Chandra Shekhar Azad (1906-1931) – Biography, Contributions, Legacy
Chandra Shekhar Azad, a stalwart of India’s struggle for independence, was a man of unyielding spirit and profound patriotism. Born in the early 20th century, Azad courageously challenged the might of the British Empire, leaving an indelible mark on India’s journey towards freedom. His life, marked by a bold shift from passive resistance during the non-cooperation movement to active militancy, and his martyrdom at a young age have continued to inspire generations in India and beyond, making him an enduring symbol of resistance and dedication to one’s nation.
II. Early Life and Background
A. Azad’s Birth and Parents
- Chandra Shekhar Azad was born on July 23, 1906.
- His birth name was Chandra Shekhar Tiwari.
- His parents were Sitaram Tiwari and Jagrani Devi.
- His father, Sitaram Tiwari, was a poor, landless farmer, and his mother, Jagrani Devi, was a housewife.
B. His Early Life in Bhavra, Alirajpur District, Madhya Pradesh
- He was born in Bhavra, a small village in the Alirajpur District of Madhya Pradesh, which was then part of the Central India Agency, British India.
- He spent his early years in this village.
- His family was not wealthy but they ensured he had a good upbringing.
- Growing up, Azad was exposed to the harsh realities of British rule, shaping his revolutionary spirit.
C. His Education at the Kashi Vidyapeeth in Banaras
- Azad was sent to Banaras (now Varanasi) for his education.
- He studied at the Kashi Vidyapeeth, an institution known for its nationalistic fervor.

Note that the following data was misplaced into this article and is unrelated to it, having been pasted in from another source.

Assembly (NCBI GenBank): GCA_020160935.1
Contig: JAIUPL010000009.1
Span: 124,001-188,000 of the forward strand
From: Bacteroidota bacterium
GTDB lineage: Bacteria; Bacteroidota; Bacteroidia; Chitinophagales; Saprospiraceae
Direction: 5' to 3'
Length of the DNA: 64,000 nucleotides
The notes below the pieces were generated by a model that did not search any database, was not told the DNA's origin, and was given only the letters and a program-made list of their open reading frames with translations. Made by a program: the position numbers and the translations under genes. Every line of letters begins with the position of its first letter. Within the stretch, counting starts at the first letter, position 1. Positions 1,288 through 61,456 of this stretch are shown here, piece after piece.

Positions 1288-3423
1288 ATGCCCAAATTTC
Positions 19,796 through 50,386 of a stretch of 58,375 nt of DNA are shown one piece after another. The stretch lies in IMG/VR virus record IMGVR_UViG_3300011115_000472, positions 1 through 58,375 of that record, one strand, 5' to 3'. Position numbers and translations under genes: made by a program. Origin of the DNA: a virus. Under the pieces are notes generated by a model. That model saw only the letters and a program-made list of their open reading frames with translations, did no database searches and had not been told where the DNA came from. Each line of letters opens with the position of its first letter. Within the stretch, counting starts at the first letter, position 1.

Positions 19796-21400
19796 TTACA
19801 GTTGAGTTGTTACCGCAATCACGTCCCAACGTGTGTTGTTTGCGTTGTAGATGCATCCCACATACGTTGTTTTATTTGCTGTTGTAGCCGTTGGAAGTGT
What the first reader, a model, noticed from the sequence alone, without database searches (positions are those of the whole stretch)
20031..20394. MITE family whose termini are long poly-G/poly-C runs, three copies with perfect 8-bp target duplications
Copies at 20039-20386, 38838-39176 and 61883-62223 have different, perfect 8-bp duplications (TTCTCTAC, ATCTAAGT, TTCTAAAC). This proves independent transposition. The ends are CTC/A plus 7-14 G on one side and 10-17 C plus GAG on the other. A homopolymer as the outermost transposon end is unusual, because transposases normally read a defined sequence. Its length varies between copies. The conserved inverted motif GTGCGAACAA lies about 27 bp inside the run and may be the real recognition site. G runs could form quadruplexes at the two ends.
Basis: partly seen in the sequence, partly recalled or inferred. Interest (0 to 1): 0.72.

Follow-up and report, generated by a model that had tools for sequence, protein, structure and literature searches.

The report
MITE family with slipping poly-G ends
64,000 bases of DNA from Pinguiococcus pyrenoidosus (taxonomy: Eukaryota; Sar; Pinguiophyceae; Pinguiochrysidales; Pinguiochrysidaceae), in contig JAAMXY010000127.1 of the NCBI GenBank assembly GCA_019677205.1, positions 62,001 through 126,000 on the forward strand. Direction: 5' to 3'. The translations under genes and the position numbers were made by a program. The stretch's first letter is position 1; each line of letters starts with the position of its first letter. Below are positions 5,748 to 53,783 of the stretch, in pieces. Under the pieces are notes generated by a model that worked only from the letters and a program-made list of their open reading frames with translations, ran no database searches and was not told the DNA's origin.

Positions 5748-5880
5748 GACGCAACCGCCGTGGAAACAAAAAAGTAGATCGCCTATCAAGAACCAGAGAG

- During his time in Banaras, he was deeply influenced by the non-cooperation movement started by Mahatma Gandhi.
III. Involvement in the Non-Cooperation Movement
A. Azad’s Joining of the Movement at Age 15
- At the young age of 15, Chandra Shekhar Azad joined the non-cooperation movement.
- This movement was launched by Mahatma Gandhi in 1920, aiming to resist British rule in India through non-violent means.
- Azad’s participation in this movement demonstrated his early resolve and commitment to the cause of India’s freedom.
B. His Arrest and the Adoption of the Name ‘Azad’
- As a result of his participation in the movement, Azad was arrested by the British authorities.
- When produced before the magistrate, he defiantly announced his name as ‘Azad’, his father’s name as ‘Swatantrata’ (freedom), and his place of dwelling as ‘Jail’.
- This act of rebellion marked a turning point in his life, and he became known as Chandra Shekhar Azad from then on.
C. The Withdrawal of the Movement by Gandhi and Azad’s Disappointment
- The non-cooperation movement was abruptly called off by Mahatma Gandhi in 1922 after the Chauri Chaura incident, where a violent mob set a police station on fire leading to the death of 22 policemen.
- Gandhi’s decision was driven by his commitment to non-violence. However, it led to a great deal of disappointment among many of the movement’s followers, including Azad.
- Feeling disillusioned by the sudden end of the movement, Azad grew more radical in his approach towards achieving independence. He believed that the non-violent method was not enough to obtain freedom from British rule.
IV. Transition to Revolutionary Activities
A. Azad’s Association with Ram Prasad Bismil and the Hindustan Socialist Republican Association (HSRA)